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I fully agree, James, of course.


Your stellar reputation as a lover of xml:ids definitely precedes you. You’ve been mentioned several times in this context at the xQuery Institute at Vanderbilt… :) 


All best,
Toma


--
Toma TasovacBelgrade Center for Digital Humanities
http://humanistika.org 



> On Jun 12, 2014, at 11:32 AM, James Cummings <[log in to unmask]> wrote:
> 
> 
> 
> 
> Hi Toma,
> 
> 
> Enabling this kind of work, even if done later by someone else,
> is why I often recommend providing lots of useful ids for texts.
> My preferred granularity is words so I sometimes recommend
> automatically adding @xml:id to <w> elements, or indeed
> automatically add <w> elements around orthographic words, even
> when they are not being used by the current project. This would
> allow others to point into the text and comment (or markup)
> portions of the text through using these ids.
> 
> 
> You are right to point out that checking this kind of thing is a
> good application of schematron. (And for those that don't know
> you can also define those project specific schematron rules right
> in your TEI ODD file.)
> 
> 
> -James
> 
> 
> 
> 
> On 12/06/14 15:52, Toma Tasovac wrote:
> 
> 
>> Dear Antonio,
>> 
>> 
>> I've used your first option (two separate files). We started with
>> a modernized spelling version of an 18th-century text (which we
>> had from the publisher) and were then changing the spelling back
>> to the original spelling.
>> 
>> 
>> So we started with two identical files, automatically created
>> xml:ids in each (adding a suffix in the id to differentiate
>> between the old spelling file and new spelling file) and the
>> @corresp pointing to the exact same word in the other file.
>> 
>> 
>> Because old and new spellings sometimes don't follow the same
>> word segmentations, ids would eventually get out of sync (i.e.
>> one word in one file would be pointing to two files in the other
>> or vice versa), but there I wrote Schematron rules to make sure
>> that pointers are correct in both directions (i.e. to make sure
>> that an id from one file is pointing to existing id or ids in the
>> other file). It was up to the encoder to get things right, of
>> course, but Schematron was helpful underlining cases of
>> mismatched ids and corresp ids in two files.
>> 
>> 
>> All best,
>> Toma
>> 
>> 
>> --
>> Toma Tasovac
>> Belgrade Center for Digital Humanities
>> http://humanistika.org
>>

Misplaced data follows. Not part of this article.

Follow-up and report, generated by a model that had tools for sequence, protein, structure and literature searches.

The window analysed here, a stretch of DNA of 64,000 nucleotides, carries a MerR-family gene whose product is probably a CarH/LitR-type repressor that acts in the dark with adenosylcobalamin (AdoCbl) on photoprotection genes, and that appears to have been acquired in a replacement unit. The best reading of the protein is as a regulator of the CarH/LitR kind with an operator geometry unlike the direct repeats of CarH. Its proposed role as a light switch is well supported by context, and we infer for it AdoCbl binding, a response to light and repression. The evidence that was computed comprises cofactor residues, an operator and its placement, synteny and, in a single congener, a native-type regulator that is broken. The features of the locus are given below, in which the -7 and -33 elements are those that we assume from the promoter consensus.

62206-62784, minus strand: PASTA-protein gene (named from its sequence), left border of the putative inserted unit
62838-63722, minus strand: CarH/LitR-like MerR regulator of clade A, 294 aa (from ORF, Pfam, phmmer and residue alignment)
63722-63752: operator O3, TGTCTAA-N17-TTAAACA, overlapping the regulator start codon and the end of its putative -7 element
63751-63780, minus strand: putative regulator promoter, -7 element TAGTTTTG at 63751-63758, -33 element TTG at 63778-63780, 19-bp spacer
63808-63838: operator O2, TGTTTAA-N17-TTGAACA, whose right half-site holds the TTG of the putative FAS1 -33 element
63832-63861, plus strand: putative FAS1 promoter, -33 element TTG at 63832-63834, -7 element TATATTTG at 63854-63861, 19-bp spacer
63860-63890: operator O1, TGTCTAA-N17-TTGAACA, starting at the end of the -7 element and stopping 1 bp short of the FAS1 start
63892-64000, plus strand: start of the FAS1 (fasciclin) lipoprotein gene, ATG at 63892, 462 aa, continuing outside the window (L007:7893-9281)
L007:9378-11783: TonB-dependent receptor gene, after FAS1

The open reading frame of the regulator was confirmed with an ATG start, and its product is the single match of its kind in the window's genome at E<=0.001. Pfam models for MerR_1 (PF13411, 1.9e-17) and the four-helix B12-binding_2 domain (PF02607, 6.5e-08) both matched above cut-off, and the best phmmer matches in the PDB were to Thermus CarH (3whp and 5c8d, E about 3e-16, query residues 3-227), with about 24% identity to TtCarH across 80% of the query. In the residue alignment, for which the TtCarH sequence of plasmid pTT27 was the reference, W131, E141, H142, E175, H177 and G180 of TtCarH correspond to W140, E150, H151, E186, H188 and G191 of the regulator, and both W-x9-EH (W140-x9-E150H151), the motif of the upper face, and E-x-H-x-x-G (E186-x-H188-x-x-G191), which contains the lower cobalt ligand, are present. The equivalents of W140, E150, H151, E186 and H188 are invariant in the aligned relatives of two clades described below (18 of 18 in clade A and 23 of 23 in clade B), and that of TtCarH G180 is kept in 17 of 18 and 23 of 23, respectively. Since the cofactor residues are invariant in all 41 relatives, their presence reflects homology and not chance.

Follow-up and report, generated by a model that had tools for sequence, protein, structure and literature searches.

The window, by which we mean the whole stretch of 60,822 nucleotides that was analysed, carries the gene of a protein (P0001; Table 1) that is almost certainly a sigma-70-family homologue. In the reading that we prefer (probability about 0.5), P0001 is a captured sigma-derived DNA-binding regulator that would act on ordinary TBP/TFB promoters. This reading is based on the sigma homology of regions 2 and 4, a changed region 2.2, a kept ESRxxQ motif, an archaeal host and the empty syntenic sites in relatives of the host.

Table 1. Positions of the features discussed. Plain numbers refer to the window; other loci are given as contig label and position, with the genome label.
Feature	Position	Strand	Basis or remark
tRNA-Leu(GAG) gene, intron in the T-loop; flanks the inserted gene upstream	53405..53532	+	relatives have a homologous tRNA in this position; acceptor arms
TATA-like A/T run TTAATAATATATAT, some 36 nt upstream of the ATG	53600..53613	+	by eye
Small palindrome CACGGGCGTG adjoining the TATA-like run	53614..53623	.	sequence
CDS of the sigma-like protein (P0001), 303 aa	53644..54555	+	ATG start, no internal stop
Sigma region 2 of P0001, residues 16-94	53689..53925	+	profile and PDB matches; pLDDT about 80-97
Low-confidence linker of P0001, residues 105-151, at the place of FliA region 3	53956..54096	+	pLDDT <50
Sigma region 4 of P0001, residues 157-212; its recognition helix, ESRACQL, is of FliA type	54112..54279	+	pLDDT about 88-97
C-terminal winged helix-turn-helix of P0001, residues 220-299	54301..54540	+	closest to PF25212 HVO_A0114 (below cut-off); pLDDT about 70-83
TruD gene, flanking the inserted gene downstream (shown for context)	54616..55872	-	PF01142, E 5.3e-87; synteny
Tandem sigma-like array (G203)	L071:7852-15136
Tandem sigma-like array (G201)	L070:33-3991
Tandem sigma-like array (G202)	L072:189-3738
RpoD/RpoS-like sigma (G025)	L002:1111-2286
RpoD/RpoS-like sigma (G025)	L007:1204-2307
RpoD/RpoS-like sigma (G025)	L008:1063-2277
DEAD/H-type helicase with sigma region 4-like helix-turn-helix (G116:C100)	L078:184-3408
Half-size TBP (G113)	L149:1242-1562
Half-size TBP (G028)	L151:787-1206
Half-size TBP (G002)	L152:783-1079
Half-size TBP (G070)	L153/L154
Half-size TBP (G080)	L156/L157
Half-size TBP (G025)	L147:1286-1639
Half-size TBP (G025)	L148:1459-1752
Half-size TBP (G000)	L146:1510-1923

>> 
>>> On Jun 12, 2014, at 7:41 AM, ANTONIO ROJAS CASTRO
>>> <[log in to unmask]> wrote:
>>> 
>>> 
>>> Hi Martin,
>>> 
>>> 
>>> Both old and modernized spelling "versions" (or transcriptions)
>>> are based on one manuscript - which I call "base manuscript"
>>> because I used it to collate other manuscripts in order to get
>>> substantive variants.
>>> 
>>> 
>>> Many thanks
>>> 
>>> 
>>> 
>>> 
>>> 2014-06-12 14:34 GMT+02:00 Martin Holmes <[log in to unmask]
>>> <mailto:[log in to unmask]>>:
>>> 
>>> 
>>> Hi Antonio,
>>> 
>>> 
>>> Is your base text one of the two versions you mention, or
>>> is it a third text?
>>> 
>>> 
>>> Cheers,
>>> Martin
>>> 
>>> 
>>> 
>>> 
>>> On 14-06-12 04:07 AM, ANTONIO ROJAS CASTRO wrote:
>>> 
>>> 
>>> Dear TEI list members
>>> 
>>> 
>>> I am currently encoding a long poem in Spanish and I
>>> have come across
>>> some difficulties. I have been encoding both an old
>>> spelling version and
>>> a modern spelling version of my base manuscript in
>>> order to present them
>>> as parallel texts. In addition, after collating several
>>> scripts, my aim
>>> is to encode a critical apparatus attached to the
>>> modern spelling version.
>>> 
>>> 
>>> I have been reviewing the Guidelines but I failed to
>>> find what should be
>>> the "best" method:
>>> 
>>> 
>>> 1. I could treat these transcriptions as different
>>> texts and encode
>>> 
>>> 
>>> them in different XML files - although I'm using
>>> the same script as
>>> a base text?
>>> 2. I could use the <choice> element and combine the
>>> <orig> and <reg>
>>> 
>>> 
>>> elements to encode both transcriptions?
>>> 3. I could link both transcriptions as parallel texts
>>> using the
>>> 
>>> 
>>> <linkGrp> element as described here?
>>> http://www.tei-c.org/release/doc/tei-p5-doc/en/html/SA.html#SACSAL
>>> 
>>> 
>>> I have seen that some projects follow the first
>>> methodology but I don't
>>> know how they connect both files so I remain suspicious
>>> (browser?); I
>>> would prefer not to follow the second one because I'm
>>> already using the
>>> element <choice> to encode abbreviations and expansions
>>> and I believe
>>> there would be a conflict with the apparatus. Finally
>>> the last method I
>>> think is meant to be used for encoding one text in
>>> different languages
>>> (original and translation) and also it entails I'll
>>> have to identify
>>> each <l> in order to link them, which I began to do and
>>> it is very tiring.
>>> 
>>> 
>>> This would be a native digital edition so I don't have
>>> to stick to any
>>> model apart from my base manuscript.
>>> 
>>> 
>>> Any advice? Any other method?
>>> 
>>> 
>>> Many thanks.
>>> 
>>> 
>>> All the best
>>> 
>>> 
>>> 
>>> 
>>> 
>>> 
>>> 
>>> 
>>> 
>>> 
>>> --
>>> Antonio Rojas Castro
>>> http://upf.academia.edu/AntonioRojasCastro
>>> https://twitter.com/Rojas_Castro_A
>>> https://www.zotero.org/groups/humanidades_digitales
>>> 650 767 335
>>> <http://www.facebook.com/antoni.rojas>
>>> 
>>> 
>>> 
>>> 
>>> 
>>> 
>>> 
>>> 
>>> --
>>> Antonio Rojas Castro
>>> http://upf.academia.edu/AntonioRojasCastro
>>> https://twitter.com/Rojas_Castro_A
>>> https://www.zotero.org/groups/humanidades_digitales
>>> 650 767 335
>>> <http://www.facebook.com/antoni.rojas>
>>> 
>>> 
>>> 
> 
> 
> 
> --
> Dr James Cummings, [log in to unmask]
> Academic IT Services, University of Oxford
> 
> 
>